Elm Land is more than just a CLI tool or an editor plugin. The true value of the framework is in providing clear guides for beginners and helpful documentation for experienced Elm Land engineers.
The initial pass of the guide was targeted towards folks coming from JS. If you already knew Elm, it was hard to understand what Elm Land added to the core experience. After a huge overhaul to the documentation, both newcomers and Elm folks alike will have an easier time finding what they need:
|Before (Elm Land ||After (Elm Land |
In addition to the original guide, we've added some new sections:
Concepts - An overview of how Elm Land works, the core concepts, and why you might customize certain modules.
Reference - API documentation for Elm Land modules like
Pagethat you'll use day-to-day in your applications.
FAQs - Common questions about the Elm Land project itself, including links to the official roadmap.
If you would like to feature your project in the Examples gallery, please let us know in the
#cool-projects channel in the Elm Land Community Discord. We're more than happy to showcase the wonderful stuff you make!
New framework features
This update also comes with some core upgrades to the CLI, driven by feedback from folks in the Community Discord:
URL Hooks – Allows pages and layouts to respond to changes in the URL. This is helpful when using query parameters to filter data or perform other effects in response to a URL change.
Layouts upgraded – Layouts now support the ability to include a
msgparameter. This is helpful for embedding actions in a layout's header or sidebar, that fire events to the page using the layout.
For a deeper dive on how to use these in practice, be sure to visit the official guide.
If you were previously using elm-spa, Elm Land's predecessor, now is a great time to upgrade! In terms of framework features, Elm Land has exceeded what was possible in elm-spa. Additionally, the Elm Land error messages are here to give you more meaningful feedback as you upgrade your project.
What's next for Elm Land?
That was a big update, but Elm Land is just getting started. Since Elm Land's "Hello, world!" post, the goal has been to share the joy of reliable web app development with as many folks as possible.
By providing solid developer tooling, beginner-friendly learning resources, and clear conventions for scaling apps, developers are empowered to build amazing things.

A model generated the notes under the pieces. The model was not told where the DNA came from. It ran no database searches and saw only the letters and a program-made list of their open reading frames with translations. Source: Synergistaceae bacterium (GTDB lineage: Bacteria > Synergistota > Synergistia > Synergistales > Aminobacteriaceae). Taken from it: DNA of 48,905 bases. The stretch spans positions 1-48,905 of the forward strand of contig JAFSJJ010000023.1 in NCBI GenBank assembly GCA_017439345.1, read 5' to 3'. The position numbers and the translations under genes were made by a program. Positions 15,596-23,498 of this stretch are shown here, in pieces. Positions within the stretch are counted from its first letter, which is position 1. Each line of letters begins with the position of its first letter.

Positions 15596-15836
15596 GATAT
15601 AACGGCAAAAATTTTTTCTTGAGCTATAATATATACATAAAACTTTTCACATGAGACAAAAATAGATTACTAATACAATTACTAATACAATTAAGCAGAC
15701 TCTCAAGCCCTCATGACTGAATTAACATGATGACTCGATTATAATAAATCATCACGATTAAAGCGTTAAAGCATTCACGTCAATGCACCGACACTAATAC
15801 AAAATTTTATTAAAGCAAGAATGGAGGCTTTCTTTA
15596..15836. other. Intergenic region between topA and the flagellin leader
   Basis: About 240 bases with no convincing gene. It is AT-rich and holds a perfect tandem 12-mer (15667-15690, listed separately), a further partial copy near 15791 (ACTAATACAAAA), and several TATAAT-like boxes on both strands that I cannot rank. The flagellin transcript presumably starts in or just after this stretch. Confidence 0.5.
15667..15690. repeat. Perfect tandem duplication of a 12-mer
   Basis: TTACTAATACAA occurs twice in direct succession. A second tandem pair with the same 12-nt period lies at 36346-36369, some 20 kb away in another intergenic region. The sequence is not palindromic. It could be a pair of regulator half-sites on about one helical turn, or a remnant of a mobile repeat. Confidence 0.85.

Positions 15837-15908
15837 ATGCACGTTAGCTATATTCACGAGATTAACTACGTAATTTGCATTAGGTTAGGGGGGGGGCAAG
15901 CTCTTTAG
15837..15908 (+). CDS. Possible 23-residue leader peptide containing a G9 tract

The future of Elm Land will continue to involve more real world example apps and improved guides. In the short term, future updates will help folks answer questions like:
- "How do I work with a GraphQL API?"
- "How can I upgrade an existing Elm project?"
- "How can I prevent navigation when a user is filling out a form?"
How you can help
If you believe in Elm Land's vision, and want to have a meaningful impact on the continued growth of the project, today's release comes with one last feature: An official GitHub Sponsors page:
By supporting my work on GitHub, I can dedicate more of my time to providing you with practical guides, resources, and better tooling for building web apps. Any contribution you can make is deeply appreciated, and many tiers come with unique perks as a thank you for your support.
If your business is using Elm Land in production, consider joining the special "Founder Sponsor" role. In addition to being featured on the Elm Land website, that tier helps ensure that the framework your product relies on stays healthy and actively maintained.
Thank you for considering supporting the Elm Land project!
Special shout-out to Dirk Johnson (@dbj) and another generous (but anonymous) sponsor for supporting Elm Land before the GitHub Sponsors page was even announced! 💖
We'll get there together!
The best part of Elm Land is our community. The Elm Land Community Discord is a friendly place where folks use channels like
#cool-projects to share what they're building. It brightens my day to see the great work that folks share in that channel, and how everyone supports one another.
I hope you enjoy the latest Elm Land release, and I can't wait to see the cool stuff you build.
Let's be mainstream! 🌈